Rust's memory model takes a bit of time to understand, but it provides a lot more power and flexibility than Go is ever likely to. To get the same kind of fine-grained memory management in Go, you have to manually allocate and manage byte slices. Not only does this get tedious, but you end up losing most of the benefits of static typing as well.
Rust is also exciting due to the lower-level nature of tasks (the unit of concurrency in Rust). Goroutines are awesome, but you are at the mercy of Go's runtime/scheduler. In Rust, the potential is there to even do interesting things like dynamically load new tasks at runtime — opening up possibilities like Erlang's hot swapping so that code can be changed without ever stopping the system.
However, despite the awesomeness of the language, Rust suffers from a terrible standard library at the moment. Even when Go was first released in 2009, it had a really impressive standard library. And, today, thanks to having superstar hackers like agl and bradfitz on its team, Go has some of the highest quality libraries around — especially in crypto, networking, http, etc. In comparison, Rust's standard library is rather poor with little attention having been paid to API design.
Rust also suffers in comparison to Go with regards tooling support. The 'go' command-line tool is awesome. I've not had a single dispute over style guides due to 'go fmt' and 'go doc'. The 'go fix' command really helped in auto-updating my Go code as the language evolved. The 'go build' tool saves me from having to write build scripts and Makefiles. And Go's (non-existent) package management system is absolutely brilliant — just 'go get github.com/user/repo'!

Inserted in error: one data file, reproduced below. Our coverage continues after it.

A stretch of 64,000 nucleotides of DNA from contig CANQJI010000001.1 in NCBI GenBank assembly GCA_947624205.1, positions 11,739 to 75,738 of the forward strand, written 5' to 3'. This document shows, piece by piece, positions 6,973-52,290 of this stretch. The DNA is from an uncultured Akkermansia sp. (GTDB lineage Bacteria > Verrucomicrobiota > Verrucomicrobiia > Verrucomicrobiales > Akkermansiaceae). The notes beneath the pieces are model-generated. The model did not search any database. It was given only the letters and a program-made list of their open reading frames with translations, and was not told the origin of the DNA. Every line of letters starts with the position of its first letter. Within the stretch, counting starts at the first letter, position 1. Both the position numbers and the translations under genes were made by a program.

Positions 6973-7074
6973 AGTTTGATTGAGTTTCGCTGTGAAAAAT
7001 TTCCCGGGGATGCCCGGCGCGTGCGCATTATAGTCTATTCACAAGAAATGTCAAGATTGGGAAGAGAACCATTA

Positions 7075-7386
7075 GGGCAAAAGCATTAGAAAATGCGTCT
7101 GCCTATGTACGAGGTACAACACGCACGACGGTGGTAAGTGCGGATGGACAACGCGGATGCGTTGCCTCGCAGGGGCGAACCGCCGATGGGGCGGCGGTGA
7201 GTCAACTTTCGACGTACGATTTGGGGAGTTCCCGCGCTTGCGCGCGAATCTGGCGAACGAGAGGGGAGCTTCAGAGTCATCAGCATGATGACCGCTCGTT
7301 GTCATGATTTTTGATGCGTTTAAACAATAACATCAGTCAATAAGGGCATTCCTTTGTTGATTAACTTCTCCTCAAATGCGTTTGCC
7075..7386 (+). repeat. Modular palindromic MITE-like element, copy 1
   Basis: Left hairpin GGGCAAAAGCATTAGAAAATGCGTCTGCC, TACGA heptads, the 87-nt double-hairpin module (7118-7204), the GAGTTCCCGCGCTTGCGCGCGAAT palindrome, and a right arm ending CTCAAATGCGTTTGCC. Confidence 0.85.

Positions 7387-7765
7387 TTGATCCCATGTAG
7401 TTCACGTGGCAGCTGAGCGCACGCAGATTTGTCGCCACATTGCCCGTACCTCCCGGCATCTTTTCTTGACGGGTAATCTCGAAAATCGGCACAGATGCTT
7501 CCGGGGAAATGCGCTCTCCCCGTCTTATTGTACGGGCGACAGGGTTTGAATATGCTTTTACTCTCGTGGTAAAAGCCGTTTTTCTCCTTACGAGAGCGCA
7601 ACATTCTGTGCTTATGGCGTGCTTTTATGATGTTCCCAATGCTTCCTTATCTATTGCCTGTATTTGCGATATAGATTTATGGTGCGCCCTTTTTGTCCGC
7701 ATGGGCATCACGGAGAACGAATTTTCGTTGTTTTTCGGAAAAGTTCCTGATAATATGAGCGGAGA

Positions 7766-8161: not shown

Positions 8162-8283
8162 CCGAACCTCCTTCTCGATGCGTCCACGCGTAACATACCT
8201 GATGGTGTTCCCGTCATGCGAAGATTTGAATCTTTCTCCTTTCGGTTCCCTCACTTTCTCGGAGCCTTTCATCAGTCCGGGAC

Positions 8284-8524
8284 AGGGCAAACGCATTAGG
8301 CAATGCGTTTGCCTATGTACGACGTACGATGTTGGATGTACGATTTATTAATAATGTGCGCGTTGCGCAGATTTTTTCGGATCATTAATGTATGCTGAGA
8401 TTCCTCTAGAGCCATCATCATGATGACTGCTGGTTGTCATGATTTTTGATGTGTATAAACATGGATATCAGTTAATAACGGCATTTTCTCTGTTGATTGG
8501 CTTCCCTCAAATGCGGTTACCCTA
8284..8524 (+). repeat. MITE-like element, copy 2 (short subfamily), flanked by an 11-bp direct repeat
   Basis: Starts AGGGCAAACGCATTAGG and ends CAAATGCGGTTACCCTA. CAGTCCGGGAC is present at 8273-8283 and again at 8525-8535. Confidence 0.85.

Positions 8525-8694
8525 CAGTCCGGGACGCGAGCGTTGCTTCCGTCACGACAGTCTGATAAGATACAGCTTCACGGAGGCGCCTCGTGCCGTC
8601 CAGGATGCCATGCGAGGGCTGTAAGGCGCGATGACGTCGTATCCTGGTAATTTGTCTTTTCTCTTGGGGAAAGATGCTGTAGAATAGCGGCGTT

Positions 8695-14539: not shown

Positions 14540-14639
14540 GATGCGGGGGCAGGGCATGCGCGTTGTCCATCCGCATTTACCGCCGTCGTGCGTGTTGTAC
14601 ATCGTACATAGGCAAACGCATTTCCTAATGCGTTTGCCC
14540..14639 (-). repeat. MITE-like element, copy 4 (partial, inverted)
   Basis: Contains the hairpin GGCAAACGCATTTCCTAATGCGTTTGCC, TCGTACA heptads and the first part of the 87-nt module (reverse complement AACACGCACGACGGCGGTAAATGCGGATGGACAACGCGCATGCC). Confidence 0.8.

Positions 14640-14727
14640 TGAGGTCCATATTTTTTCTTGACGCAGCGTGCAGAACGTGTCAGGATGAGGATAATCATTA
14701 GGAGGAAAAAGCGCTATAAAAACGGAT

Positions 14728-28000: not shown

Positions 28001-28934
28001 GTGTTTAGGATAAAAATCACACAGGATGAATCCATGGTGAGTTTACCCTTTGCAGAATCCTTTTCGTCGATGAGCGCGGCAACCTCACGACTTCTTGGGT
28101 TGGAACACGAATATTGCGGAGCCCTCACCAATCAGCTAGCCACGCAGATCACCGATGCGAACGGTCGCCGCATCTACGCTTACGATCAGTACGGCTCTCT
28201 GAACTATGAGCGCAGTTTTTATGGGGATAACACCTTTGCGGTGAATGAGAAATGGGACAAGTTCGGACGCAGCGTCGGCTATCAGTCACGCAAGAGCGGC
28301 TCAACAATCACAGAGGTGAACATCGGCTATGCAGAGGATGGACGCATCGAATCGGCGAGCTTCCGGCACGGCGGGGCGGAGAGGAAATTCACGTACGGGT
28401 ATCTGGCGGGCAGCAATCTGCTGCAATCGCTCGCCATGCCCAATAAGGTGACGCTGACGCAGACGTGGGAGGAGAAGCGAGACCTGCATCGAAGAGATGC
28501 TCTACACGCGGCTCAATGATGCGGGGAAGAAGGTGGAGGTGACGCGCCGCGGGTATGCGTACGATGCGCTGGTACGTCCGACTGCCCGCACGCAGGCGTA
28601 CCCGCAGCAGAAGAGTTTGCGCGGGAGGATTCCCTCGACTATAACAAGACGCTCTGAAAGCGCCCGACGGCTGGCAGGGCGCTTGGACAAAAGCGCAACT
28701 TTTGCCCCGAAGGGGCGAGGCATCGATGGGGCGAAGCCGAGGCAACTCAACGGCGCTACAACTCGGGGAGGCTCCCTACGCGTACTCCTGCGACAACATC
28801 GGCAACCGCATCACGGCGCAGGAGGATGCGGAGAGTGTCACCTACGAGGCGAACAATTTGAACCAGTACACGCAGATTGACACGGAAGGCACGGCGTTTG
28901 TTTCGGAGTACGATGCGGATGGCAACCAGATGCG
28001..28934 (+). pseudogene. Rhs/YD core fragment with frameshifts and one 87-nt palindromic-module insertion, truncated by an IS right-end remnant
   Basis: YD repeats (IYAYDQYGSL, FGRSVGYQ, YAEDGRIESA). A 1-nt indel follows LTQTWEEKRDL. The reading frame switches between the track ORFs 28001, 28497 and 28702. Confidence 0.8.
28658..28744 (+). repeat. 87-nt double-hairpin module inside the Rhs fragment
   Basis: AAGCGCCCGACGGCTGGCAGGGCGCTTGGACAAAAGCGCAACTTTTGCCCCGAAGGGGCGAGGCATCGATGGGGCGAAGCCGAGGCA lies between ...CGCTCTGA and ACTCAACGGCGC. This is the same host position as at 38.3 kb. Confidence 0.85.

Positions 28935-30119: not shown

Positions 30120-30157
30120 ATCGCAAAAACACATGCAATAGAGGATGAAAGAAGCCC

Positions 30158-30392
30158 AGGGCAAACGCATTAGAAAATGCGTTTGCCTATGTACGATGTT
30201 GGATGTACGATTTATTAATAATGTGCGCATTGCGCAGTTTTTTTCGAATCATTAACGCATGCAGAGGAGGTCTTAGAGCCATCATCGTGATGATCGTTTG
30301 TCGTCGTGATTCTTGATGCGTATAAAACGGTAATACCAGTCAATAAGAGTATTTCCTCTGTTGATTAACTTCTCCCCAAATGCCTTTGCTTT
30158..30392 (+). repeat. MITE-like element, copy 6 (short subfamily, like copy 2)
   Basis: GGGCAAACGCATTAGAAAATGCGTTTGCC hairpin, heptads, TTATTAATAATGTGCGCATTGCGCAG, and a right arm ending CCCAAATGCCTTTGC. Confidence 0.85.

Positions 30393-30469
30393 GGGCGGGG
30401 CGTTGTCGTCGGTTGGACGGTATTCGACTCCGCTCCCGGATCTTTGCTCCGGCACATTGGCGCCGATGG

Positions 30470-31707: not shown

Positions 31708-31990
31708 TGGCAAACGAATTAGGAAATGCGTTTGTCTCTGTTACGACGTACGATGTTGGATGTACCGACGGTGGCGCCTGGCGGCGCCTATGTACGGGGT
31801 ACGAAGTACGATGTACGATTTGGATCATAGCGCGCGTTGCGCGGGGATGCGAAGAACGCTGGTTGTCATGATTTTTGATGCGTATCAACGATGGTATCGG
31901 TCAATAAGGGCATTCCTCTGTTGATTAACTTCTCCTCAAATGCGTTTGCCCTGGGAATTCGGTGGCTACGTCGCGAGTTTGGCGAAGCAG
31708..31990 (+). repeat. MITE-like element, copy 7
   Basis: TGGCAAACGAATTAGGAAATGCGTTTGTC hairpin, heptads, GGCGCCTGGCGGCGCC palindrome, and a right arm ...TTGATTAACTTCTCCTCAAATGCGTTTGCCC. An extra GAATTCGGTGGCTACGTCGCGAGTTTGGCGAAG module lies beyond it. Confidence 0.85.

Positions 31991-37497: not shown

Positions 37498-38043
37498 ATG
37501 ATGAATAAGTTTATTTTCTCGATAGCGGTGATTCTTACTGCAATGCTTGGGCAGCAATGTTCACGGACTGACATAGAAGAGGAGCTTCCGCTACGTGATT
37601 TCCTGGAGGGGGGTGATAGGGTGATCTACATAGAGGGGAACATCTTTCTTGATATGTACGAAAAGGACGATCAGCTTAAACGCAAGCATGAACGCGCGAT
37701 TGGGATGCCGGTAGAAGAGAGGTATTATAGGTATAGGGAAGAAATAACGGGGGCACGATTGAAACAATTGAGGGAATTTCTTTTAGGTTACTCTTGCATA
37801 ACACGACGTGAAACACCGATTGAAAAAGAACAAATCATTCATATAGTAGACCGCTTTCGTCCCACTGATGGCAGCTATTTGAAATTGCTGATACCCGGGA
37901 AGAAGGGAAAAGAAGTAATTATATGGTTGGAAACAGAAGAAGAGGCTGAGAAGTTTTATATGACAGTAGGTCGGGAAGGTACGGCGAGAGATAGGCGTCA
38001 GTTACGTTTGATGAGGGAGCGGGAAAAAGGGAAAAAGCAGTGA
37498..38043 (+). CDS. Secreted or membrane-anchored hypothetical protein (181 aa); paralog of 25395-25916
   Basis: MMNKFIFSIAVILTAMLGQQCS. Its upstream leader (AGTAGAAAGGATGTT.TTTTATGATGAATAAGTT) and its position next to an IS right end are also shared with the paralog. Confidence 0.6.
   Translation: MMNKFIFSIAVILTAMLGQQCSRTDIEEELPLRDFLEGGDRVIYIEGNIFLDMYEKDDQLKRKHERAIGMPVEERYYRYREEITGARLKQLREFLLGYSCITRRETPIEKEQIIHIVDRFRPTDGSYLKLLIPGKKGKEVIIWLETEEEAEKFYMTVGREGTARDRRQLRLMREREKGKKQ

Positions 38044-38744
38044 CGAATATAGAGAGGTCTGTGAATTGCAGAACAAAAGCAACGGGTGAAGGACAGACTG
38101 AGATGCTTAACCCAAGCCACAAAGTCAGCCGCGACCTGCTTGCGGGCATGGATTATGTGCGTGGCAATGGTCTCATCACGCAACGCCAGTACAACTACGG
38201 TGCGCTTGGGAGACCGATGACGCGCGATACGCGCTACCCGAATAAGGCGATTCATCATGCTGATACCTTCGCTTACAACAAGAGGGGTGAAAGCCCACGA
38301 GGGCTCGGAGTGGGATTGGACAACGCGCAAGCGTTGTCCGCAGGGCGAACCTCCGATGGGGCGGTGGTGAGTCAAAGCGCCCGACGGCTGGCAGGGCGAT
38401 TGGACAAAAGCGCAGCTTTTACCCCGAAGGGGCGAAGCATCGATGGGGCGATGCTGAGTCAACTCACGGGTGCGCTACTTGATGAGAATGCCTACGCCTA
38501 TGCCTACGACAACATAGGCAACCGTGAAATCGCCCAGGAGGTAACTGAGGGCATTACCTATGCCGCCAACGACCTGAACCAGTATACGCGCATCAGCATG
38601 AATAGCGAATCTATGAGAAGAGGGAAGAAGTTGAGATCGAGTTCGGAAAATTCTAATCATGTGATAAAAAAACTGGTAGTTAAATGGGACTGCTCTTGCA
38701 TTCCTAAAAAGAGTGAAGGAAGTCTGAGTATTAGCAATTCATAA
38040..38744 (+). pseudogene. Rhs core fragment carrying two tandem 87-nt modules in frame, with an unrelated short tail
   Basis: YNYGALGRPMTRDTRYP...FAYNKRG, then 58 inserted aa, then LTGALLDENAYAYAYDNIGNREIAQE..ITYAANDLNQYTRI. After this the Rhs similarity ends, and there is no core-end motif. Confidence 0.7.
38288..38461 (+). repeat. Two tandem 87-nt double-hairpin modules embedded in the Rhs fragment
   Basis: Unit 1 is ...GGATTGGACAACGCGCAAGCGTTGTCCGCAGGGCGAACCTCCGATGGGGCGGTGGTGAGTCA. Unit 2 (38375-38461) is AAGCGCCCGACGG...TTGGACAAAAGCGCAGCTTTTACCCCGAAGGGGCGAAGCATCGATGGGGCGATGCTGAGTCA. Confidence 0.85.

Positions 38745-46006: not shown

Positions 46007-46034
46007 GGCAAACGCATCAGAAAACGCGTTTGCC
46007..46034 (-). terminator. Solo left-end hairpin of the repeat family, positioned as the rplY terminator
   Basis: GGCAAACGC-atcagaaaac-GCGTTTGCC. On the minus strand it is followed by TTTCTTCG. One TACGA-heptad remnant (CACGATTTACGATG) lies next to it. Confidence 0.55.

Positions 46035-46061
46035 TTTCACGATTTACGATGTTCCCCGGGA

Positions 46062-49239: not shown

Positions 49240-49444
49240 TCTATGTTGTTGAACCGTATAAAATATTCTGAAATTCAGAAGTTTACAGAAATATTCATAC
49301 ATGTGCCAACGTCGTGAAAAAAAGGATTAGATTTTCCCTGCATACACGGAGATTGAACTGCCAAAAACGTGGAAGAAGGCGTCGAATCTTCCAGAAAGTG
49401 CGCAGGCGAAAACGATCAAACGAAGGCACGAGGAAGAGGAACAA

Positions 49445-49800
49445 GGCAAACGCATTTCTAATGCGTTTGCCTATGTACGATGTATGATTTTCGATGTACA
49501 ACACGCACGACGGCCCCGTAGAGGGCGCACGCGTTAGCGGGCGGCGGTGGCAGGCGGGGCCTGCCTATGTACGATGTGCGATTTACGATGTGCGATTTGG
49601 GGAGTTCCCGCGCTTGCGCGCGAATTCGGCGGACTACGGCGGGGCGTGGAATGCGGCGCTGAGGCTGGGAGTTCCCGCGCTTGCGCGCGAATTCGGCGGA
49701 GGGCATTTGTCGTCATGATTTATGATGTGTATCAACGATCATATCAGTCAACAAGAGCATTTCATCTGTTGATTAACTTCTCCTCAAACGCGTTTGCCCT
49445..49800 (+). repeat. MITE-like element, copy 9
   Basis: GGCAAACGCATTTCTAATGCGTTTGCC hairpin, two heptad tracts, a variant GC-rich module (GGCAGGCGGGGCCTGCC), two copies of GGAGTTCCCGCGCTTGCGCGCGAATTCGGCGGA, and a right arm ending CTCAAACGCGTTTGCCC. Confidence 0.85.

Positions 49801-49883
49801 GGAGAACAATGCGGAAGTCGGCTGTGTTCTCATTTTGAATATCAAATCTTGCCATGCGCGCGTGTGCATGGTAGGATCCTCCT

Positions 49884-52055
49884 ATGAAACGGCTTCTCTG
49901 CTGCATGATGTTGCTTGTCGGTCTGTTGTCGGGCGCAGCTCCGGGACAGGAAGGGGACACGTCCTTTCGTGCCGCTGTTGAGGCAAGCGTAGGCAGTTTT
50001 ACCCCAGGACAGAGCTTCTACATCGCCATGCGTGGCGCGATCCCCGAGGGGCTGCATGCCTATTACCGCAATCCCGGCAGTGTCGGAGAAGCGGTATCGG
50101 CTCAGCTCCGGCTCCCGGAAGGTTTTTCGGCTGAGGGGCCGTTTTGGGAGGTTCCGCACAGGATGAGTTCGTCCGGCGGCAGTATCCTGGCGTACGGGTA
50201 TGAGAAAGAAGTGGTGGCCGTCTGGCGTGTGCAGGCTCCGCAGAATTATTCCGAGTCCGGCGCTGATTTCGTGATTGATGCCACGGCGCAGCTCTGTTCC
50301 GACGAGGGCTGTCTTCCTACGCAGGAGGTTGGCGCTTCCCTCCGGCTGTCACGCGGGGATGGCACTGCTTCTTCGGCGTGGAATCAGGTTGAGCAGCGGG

But, neither problems — quality of the standard library or tooling — are intractable in Rust. In fact, now that the language is starting to stabilise, I am highly confident that a lot of love and attention will be given to both of those issues. This is also an area where we, the community, can also help out a lot. Myself, I've slowly started working on a port of the 'go' tool called rusty:
And, having found the Rust developer community to be extremely friendly on #rust on irc.mozilla.org, I'm pretty sure they would be happy to have other interesting hackers join in too!
I wouldn't say they're higher quality than comparable Scala/Java libraries, but I guess that's subjective.
Still love Go though, but really looking forward to a production ready Rust.
I don't know if that's helpful for you. I'll look into packaging stuff too.
The Windows builds are very finicky, I'd be quite surprised if they worked under Wine.